From a practical perspective, Japan will be considered an ally of both South Korea and the US by North Korea. Therefore it will feature in the military targeting operations and given its proximity to South Korea would have collateral impact as a result of direct or indirect targeting. Flights and ferries would most certainly be affected and short to medium term accommodation less palatable. Reconsider the use of Japan or remove it for planning purposes.

Government Assisted Evacuations

All governments talk about support to their citizens and evacuation planning options. Few governments are actually very good at this and the overlay of military operations during such circumstances means that much of the military resources that would support plans and shortfalls will simply be prioritised elsewhere.

Government assisted operations feature in many corporate plans. They fail in many corporate plans because even their own governments recommend a self-help approach and preemptive planning if organisations are seeking any degree of certainty or priority treatment. Waiting for the government to provide access to evacuation and emergency relocation resources is typically a scary, frustrating, low service standard and unpredictable process. Government assisted evacuations are best reserved for absolute last options and fallback considerations in the corporate or commercial context.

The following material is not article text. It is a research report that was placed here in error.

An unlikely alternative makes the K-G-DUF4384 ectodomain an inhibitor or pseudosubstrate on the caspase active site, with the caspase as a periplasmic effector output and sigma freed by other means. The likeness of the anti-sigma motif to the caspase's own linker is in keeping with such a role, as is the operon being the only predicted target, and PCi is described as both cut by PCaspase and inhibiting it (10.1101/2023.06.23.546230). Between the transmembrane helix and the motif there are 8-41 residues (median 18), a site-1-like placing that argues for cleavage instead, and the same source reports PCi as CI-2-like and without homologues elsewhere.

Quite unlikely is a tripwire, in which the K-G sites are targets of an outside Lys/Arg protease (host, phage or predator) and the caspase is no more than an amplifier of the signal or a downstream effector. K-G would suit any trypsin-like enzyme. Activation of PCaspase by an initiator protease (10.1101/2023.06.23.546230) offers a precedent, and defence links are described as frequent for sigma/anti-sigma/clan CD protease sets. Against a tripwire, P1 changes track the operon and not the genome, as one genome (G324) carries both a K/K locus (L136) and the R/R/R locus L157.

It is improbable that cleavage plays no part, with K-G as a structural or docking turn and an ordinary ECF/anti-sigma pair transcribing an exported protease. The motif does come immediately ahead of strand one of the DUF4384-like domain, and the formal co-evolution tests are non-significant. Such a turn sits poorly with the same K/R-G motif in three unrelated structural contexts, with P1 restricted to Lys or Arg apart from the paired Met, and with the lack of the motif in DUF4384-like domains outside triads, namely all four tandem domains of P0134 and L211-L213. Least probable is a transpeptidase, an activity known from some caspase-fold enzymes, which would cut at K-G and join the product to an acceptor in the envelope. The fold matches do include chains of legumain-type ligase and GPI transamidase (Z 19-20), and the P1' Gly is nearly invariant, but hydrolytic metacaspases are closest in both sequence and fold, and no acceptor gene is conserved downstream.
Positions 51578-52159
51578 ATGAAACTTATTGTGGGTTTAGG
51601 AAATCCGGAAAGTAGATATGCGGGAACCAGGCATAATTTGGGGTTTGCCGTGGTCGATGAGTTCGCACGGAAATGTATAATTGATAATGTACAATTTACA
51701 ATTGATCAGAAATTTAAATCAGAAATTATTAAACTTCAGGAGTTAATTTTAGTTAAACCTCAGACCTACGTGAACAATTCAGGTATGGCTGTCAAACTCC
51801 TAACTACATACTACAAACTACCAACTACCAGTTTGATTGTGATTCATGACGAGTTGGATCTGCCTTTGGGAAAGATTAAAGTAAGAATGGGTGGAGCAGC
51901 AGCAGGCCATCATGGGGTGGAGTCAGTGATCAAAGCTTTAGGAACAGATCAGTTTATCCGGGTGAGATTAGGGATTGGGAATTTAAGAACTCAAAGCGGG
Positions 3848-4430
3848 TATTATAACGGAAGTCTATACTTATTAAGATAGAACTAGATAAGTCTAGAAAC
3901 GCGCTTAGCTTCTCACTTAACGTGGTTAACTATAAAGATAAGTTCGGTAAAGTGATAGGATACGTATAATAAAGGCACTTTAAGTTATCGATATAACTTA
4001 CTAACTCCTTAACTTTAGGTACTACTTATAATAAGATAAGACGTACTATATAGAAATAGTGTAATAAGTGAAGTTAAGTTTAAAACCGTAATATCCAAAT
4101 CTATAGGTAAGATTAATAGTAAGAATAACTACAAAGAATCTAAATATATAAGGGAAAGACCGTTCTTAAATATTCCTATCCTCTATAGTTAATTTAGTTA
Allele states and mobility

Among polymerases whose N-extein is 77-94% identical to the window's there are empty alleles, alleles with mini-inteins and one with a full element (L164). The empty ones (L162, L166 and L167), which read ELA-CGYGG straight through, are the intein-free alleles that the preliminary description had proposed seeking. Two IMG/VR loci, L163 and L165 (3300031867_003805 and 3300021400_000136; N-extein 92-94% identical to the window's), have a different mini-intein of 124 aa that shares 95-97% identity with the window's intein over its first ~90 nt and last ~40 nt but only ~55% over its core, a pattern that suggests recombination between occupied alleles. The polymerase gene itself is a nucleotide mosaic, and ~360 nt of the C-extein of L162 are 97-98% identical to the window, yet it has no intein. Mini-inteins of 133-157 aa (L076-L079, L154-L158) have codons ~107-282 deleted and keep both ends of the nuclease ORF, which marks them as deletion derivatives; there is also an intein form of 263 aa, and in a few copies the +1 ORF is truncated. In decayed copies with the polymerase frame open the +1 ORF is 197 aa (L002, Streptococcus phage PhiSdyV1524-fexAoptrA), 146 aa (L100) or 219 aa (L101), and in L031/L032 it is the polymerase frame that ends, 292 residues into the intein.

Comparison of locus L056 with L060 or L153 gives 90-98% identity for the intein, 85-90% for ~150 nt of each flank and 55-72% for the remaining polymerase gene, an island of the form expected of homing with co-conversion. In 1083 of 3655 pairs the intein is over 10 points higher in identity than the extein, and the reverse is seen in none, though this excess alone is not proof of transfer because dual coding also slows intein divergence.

Service Providers

South Korea has an active and very comprehensive National Service system. Many South Korean citizens, especially males, will have completed a period of military service and will be part of the active reserve and defence of the country. There is a high probability that many, if not all will be activated in the event of military preparedness for hostilities. This means that many service providers, with staff and resources within South Korea will immediately be affected or no longer be able to offer services. This applies to non-related services too such as amenities and commercial services.

Charter or non-scheduled aircraft are typically only available during specified times and dates. They are not on constant call or pre-positioned in anticipation. This means that unless you have a specific booking, arrangement or guarantee of an airframe on a specific date, time and location you should have an expectation of delay or failure in the event of immediate evacuation or relocation demand.

Scheduled fees and ancillary services will increase. Whatever you initially considered for your budget or cost of access, will increase with an increased demand. Be prepared for this or risk another point of failure due to inaccurate budget planning. Additionally, no amount of financial coercion will compensate for last minute or bad planning during crisis or emergency evacuations and many “fair weather” agreements will quickly be dissolved or fail.

Much like insurance plans, there are many policy holders but statistically low volume of claims. Evacuations and priority relocations at this time or specific to South Korea will mean that many are seeking to make claims on their policy or service provisions. All service providers will now have scalability and service disruption concerns with this spike in demand. With everyone calling upon the same or limited commercial service options, it will stress the system and all but guarantee delays or failure. Think practically and do not expect this option to be 100% effective or guaranteed.